10 Least Tax-Friendly States for Retirees

Retirees in these states are likely to have a higher overall state and local tax burden than retirees in other states.

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Most people have a dream home in mind for retirement. It might be a quaint beach house, a log cabin deep in the woods, or a penthouse high in the sky. But no matter where you plan to live during your golden years, make sure you check out the local tax situation in your dream destination before packing your bags and relocating. If you don't, and you end up in one of the least tax-friendly states for retirees, you might end up with a hefty state and local tax bill.

State and local taxes can vary greatly from one place to another. The difference can easily exceed $10,000 or more per year for some people, which is enough to break the bank for a lot of seniors if you wind up in one of the worst states to retire in for taxes. To avoid this kind of bombshell, do your homework before settling on a new location. You can start with our State-by-State Guide to Taxes on Retirees (opens in new tab). This tool maps out the tax landscape for each state and the District of Columbia.

We also identified the 10 least tax-friendly states for retirees, which are listed below (we saved the worst state for last). Our results are based on the estimated state and local tax burden in each state for two hypothetical retired couples with a mixture of income from wages, Social Security, 401(k) plans, traditional and Roth IRAs, private pensions, interest, dividends, and capital gains. One couple had $50,000 in total income and a $250,000 home, while the other had $100,000 of income and a $350,000 home. Take a look to see if your state — or the state you've been dreaming about for retirement — made our list of the "least tax-friendly" states for retirees (we hope it didn't).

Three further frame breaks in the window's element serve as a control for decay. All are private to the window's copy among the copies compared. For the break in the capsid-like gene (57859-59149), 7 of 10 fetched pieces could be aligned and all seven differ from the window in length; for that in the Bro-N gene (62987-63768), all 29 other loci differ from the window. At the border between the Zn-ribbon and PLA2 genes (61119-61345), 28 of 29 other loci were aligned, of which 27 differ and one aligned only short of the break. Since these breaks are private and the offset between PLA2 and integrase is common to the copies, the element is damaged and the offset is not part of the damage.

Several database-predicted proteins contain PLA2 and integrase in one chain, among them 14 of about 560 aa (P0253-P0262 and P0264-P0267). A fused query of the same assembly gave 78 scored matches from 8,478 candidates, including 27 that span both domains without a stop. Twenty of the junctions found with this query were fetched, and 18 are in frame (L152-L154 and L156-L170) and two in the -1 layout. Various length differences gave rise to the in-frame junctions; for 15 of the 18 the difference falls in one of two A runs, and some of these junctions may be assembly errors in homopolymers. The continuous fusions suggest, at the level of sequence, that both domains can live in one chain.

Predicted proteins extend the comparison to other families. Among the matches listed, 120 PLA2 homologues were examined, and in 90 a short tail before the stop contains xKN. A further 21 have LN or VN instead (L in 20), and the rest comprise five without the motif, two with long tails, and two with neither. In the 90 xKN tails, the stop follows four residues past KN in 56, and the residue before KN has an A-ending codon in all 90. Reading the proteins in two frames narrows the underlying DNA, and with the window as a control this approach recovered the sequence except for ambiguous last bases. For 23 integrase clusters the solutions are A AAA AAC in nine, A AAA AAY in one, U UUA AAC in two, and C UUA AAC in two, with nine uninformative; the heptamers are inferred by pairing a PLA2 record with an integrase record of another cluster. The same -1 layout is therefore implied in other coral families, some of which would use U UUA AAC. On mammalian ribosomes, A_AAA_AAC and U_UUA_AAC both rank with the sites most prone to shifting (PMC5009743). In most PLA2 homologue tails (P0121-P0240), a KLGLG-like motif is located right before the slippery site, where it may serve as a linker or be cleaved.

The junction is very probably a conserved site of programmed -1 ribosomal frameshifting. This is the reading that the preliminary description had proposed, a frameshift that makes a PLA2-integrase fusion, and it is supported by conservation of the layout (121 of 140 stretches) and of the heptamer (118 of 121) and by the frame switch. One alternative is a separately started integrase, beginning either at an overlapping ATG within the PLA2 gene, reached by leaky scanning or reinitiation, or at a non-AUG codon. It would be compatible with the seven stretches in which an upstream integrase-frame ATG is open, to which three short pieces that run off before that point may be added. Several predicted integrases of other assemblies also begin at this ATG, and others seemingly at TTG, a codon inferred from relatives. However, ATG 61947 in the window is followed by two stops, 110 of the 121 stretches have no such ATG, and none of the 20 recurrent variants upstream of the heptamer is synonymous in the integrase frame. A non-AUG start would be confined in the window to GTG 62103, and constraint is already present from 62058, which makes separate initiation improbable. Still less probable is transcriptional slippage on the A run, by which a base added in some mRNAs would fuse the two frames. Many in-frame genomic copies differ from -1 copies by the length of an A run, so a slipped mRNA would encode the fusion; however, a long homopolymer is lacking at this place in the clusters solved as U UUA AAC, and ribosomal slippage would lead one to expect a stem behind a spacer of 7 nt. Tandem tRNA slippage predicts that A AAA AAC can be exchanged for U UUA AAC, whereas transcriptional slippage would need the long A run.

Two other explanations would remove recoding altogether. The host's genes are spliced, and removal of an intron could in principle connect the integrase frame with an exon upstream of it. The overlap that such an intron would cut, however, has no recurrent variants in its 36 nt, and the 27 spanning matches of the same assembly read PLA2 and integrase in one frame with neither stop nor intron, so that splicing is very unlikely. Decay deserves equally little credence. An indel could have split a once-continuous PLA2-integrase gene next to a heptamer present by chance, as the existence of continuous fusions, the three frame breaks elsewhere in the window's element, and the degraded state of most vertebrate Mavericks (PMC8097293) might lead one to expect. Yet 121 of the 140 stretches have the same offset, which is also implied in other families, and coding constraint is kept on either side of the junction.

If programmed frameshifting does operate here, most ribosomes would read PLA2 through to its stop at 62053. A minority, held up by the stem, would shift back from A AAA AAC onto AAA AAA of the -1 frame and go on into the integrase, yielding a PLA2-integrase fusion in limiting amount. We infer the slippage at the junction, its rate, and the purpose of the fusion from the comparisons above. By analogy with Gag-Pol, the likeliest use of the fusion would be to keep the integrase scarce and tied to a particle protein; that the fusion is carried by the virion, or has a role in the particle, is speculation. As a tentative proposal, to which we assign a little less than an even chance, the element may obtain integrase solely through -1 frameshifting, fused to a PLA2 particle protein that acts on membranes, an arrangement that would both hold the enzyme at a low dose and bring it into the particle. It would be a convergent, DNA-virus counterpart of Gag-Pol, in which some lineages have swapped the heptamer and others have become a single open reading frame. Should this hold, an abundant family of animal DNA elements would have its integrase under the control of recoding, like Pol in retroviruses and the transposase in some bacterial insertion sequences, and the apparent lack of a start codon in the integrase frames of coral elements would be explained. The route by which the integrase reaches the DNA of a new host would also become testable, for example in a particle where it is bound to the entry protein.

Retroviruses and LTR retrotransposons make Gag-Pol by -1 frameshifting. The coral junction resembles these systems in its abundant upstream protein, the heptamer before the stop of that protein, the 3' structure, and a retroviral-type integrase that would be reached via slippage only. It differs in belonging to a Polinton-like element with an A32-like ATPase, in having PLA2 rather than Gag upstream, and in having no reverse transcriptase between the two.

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A complete description of our ranking methodology and sources of information is at the end of this article.

David Muhlbaum
Senior Online Editor, Kiplinger.com

In his current role as Senior Online Editor, David edits and writes a wide range of content for Kiplinger.com. With more than 20 years of experience with Kiplinger, he has worked on and written for a range of its publications, including The Kiplinger Letter and Kiplinger’s Personal Finance magazine. He is a co-host of Your Money's Worth, Kiplinger's podcast and has helped develop the Economic Forecasts feature.